If he's ready for big minutes right away, the need for Jefferson shrinks and he could even become a hindrance to Leonard's progress. Yet, with there being no need to use the amnesty in the immediate future, as it will remain available, the Spurs may decide paying Jefferson to play for someone else isn't a prudent decision for this moment though that would change drastically ifwhen the cap space found by erasing about 30 million over the next three years (just over 9 million this season, 10 next, and a player option for 11 in 2013-14) is needed.
The odds would say Jefferson is destined to be an amnesty casualty at some point. Only the question of "when" remains.
Next up on the list of questions facing the Spurs in this shortened season: with George Hill now in Indiana, who keeps the team afloat while Tony Parker is on the bench?
Is Gary Neal going to move over and find some point-guard minutes? Will Popovich stagger minutes to keep Manu on the floor to run the offense when Parker rests? On this, we'll have to wait and see. Of course, should the answer come from outside the roster, add to the list of reasons Jefferson won't finish his contract as a Spur.
Perhaps a little more vague, but the final question we'll pose here is: Does this Spurs team have enough left to make another Title push?
In other words, are they too old?
We struggled to embrace the drastic changes in the Spurs' approach last season, wondering aloud if Popovich was outsmarting us all once more and saving Tim Duncan for the playoffs, when the team would revert to Pop's own diagram for playoff success as Duncan would erase thoughts of career lows in scoring, rebounding, field-goal attempts and minutes to emerge fresh and ready to dominate like days of old.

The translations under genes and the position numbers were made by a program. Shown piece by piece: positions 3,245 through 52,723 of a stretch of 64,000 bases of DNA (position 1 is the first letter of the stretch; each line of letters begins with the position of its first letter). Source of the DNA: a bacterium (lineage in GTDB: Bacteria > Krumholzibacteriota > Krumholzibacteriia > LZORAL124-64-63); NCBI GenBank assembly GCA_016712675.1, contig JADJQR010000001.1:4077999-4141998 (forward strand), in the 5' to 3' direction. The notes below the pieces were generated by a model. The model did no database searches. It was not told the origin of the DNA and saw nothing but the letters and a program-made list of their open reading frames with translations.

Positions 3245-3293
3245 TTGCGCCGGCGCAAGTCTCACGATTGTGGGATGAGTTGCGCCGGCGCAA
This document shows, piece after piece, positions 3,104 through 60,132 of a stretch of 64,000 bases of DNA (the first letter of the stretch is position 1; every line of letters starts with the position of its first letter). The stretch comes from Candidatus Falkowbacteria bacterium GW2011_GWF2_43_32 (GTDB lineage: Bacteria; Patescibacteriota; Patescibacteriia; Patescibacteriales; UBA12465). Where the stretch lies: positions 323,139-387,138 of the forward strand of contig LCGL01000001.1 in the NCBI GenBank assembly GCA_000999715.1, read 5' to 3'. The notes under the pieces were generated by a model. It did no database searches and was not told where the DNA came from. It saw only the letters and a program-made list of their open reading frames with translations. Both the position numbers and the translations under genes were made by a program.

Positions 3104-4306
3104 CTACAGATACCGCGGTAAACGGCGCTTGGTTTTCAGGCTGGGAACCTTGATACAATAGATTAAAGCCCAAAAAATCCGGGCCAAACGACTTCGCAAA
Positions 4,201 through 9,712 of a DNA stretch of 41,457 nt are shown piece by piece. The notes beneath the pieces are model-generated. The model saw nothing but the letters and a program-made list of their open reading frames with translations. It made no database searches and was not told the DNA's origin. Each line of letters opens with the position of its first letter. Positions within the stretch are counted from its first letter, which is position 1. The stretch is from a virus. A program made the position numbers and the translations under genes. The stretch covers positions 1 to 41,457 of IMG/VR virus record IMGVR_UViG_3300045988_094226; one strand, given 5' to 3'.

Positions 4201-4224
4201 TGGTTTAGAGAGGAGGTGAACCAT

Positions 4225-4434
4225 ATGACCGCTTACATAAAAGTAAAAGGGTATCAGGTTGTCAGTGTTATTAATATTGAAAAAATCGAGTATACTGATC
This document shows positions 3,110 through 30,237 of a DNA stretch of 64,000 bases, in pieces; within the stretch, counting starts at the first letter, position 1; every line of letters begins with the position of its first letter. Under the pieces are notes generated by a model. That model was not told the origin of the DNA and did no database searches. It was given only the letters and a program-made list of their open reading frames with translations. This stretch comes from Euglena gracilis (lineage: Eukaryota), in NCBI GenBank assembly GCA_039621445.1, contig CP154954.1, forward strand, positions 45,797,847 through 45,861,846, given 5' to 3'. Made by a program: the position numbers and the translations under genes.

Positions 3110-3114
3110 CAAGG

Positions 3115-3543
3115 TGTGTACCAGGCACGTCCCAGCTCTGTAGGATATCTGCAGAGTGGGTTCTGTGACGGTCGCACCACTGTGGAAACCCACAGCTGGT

That didn't happen. The playoffs came, and the Spurs strode on as the team they showed us in the regular season. Duncan had a little extra to give, but not enough to be a direct echo of his former. The truth, as sad and hard to accept as it may be, is that Duncan carries the years with him. No matter how much Spurs fans want to see him shed that weight and dominate for an extended period, that time has come and gone. As glorious as it was, and it was, it's bound to yesterday.
Gregg Popovich knew this, and we must give credit to his coaching acumen by seeing what he was able to accomplish anyway.
Beside Duncan, one must wonder if Manu Ginobili, at 34, hasn't hit the crest of the hill to begin descending the other side. You may quickly note the 17.4 points he averaged last season, the second highest of his career, but would also be bound to note that he did so while playing the second highest minutes per game of his career while ranking amongst the three worst seasons of his nine years in the NBA in field-goal percentage, 3-point percentage, rebounds and assists per game not to mention the injuries in the playoffs that a pessimist may label as signs of a body breaking down.
To compound these issues, how will Duncan and company handle the stress of back-to-back-to-back games, of which all teams will face at least once in this lockout-truncated 66-game season, and a generally compressed schedule?
Despite this, the window may not be closed entirely. San Antonio has the lessons and heart of a championship core and stands only a year removed from winning 61 games. There are reasons for optimism.
They have a group of young players poised to improve, from Splitter, Blair and James Anderson (a second-year player who had most of his rookie campaign sabotaged by injury) to a promising rookie (Kawhi Leonard). And, let us not forget what happened the last time the NBA endured a shortened season. That's right, the Spurs walked away with a Title.
The road won't be easy, but it never is. Only a fool turns his back on a champion.